A frustrated Greg Murphy will miss next week's International Rally of Whangarei just when he was showing some real signs of improvement.
The four-time Bathurst winner and Supercars star has taken his racing career down the rallying path and has been contesting the New Zealand Rally Championship the past couple of seasons in a new generation Holden Barina AP4 car.
Until recently Murphy's limited gravel experience and teething issues with the new car have limited his success. But the 45-year-old turned some heads with a couple of impressive stage times at the season-opening Otago Rally earlier this month before a mechanical failure ultimately cost him a good finish.
Murphy recorded a couple of top four stage times despite battling some car issues and having to adjust to a new co-driver after Mark Leonard had to withdraw sick the night before the rally.
"From a driving point of view we are making some progress," Murphy told The Herald.
"It was challenging with Lenny having to pull out but fortunately Lisa Hudson was around and she jumped in but there were a few little challenges around that with Lenny's notes and bits and pieces that took a little while to get on top of.
"The long stage 12 particularly I was really happy with – I was surprised to be in the top four.
"It is not about results – you like being good, you like being fast but it is frustrating with another mechanical failure with the car. It is starting to become a tough thing to take to be honest."
The new AP4 cars have a lot of potential. They look and sound great – not dissimilar to a full WRC car – but the downside is the lack of time spent developing. That development is basically happening on events and it means there is a lot of frustration as minor issues get ironed out.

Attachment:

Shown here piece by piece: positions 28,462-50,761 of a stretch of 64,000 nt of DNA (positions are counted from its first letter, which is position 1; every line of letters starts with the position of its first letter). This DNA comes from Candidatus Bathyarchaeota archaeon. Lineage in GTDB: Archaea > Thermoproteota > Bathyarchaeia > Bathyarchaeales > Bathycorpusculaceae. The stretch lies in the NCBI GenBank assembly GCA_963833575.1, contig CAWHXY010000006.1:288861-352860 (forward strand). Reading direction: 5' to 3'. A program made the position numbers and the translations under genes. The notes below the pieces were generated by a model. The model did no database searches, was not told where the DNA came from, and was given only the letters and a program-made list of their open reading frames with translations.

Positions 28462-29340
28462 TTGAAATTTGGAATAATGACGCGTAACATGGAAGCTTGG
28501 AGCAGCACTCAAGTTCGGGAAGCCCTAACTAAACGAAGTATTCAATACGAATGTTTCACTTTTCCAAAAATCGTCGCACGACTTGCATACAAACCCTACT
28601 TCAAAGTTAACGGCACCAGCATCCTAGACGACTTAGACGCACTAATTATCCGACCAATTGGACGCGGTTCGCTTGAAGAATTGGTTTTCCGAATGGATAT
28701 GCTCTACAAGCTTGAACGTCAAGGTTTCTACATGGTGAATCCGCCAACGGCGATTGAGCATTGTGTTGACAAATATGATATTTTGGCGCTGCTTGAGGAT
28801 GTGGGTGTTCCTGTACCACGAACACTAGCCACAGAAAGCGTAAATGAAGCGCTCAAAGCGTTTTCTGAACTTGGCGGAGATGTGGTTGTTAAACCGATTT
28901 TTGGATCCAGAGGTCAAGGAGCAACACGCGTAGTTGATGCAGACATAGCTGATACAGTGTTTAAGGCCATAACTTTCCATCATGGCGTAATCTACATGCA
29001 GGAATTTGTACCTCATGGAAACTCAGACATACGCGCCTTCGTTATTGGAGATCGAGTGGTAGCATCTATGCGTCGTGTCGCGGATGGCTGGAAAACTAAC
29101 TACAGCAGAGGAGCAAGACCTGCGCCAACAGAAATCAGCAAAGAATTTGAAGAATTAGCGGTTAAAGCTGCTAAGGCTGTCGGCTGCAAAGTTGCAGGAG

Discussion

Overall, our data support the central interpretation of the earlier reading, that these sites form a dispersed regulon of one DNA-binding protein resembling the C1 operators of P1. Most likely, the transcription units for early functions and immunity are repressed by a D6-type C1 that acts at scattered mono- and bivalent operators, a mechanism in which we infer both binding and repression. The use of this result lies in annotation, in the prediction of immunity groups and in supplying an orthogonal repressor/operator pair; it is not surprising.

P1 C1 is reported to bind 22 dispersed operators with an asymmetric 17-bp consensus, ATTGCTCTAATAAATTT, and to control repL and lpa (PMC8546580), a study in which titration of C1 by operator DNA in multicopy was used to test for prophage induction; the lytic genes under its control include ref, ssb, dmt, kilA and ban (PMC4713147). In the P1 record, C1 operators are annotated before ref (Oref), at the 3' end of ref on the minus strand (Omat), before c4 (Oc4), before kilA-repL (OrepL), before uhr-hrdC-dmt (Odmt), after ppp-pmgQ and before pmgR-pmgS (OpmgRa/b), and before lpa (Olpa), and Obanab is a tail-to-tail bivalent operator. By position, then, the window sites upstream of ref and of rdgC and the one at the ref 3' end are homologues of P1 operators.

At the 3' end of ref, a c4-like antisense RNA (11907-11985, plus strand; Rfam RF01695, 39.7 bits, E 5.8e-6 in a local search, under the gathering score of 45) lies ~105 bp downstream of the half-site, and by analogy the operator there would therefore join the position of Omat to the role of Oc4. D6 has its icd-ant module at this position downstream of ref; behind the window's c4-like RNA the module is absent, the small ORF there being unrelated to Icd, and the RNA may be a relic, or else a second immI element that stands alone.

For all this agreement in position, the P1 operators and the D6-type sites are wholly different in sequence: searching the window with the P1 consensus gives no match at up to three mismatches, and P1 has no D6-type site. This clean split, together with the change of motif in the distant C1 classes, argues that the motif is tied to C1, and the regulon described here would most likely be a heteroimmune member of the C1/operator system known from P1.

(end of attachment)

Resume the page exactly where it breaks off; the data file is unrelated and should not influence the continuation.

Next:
"There is no problem with the car's speed as far as what it is capable of it is just what powers it and getting it reliable," Murphy explained.
"It is all over too soon and then you have to go back an almost reinvent the wheel."
In an encouraging sign Murphy's teammate Josh Marston, in an identical car, made it to the end of the event eventually finishing fourth while posting some competitive times.
It all points to Murphy being quite competitive once they get on top of the car.
"I haven't got any targets really," he explained. "It is just about finishing and that is clearly the biggest hurdle to overcome at the moment. Then it is doing what we did at times at Otago – nice, clean stages and learn from it.
"There is a lot to take from being quite competitive in a couple of stages and understand what I was doing right and I think I know what that is. Then it is a case of evolving it from there.
"Unfortunately I can only improve on what I did in Otago by having more time in the seat and finishing stages. It is the trust thing and understanding what a car is capable of."
Adding to Murphy's frustration is the fact he will miss the next round in Whangarei due to a clash with his Supercars television commitments. Beyond that event though Murphy is set to complete the remainder of the championship and a break-through result could well be on the cards.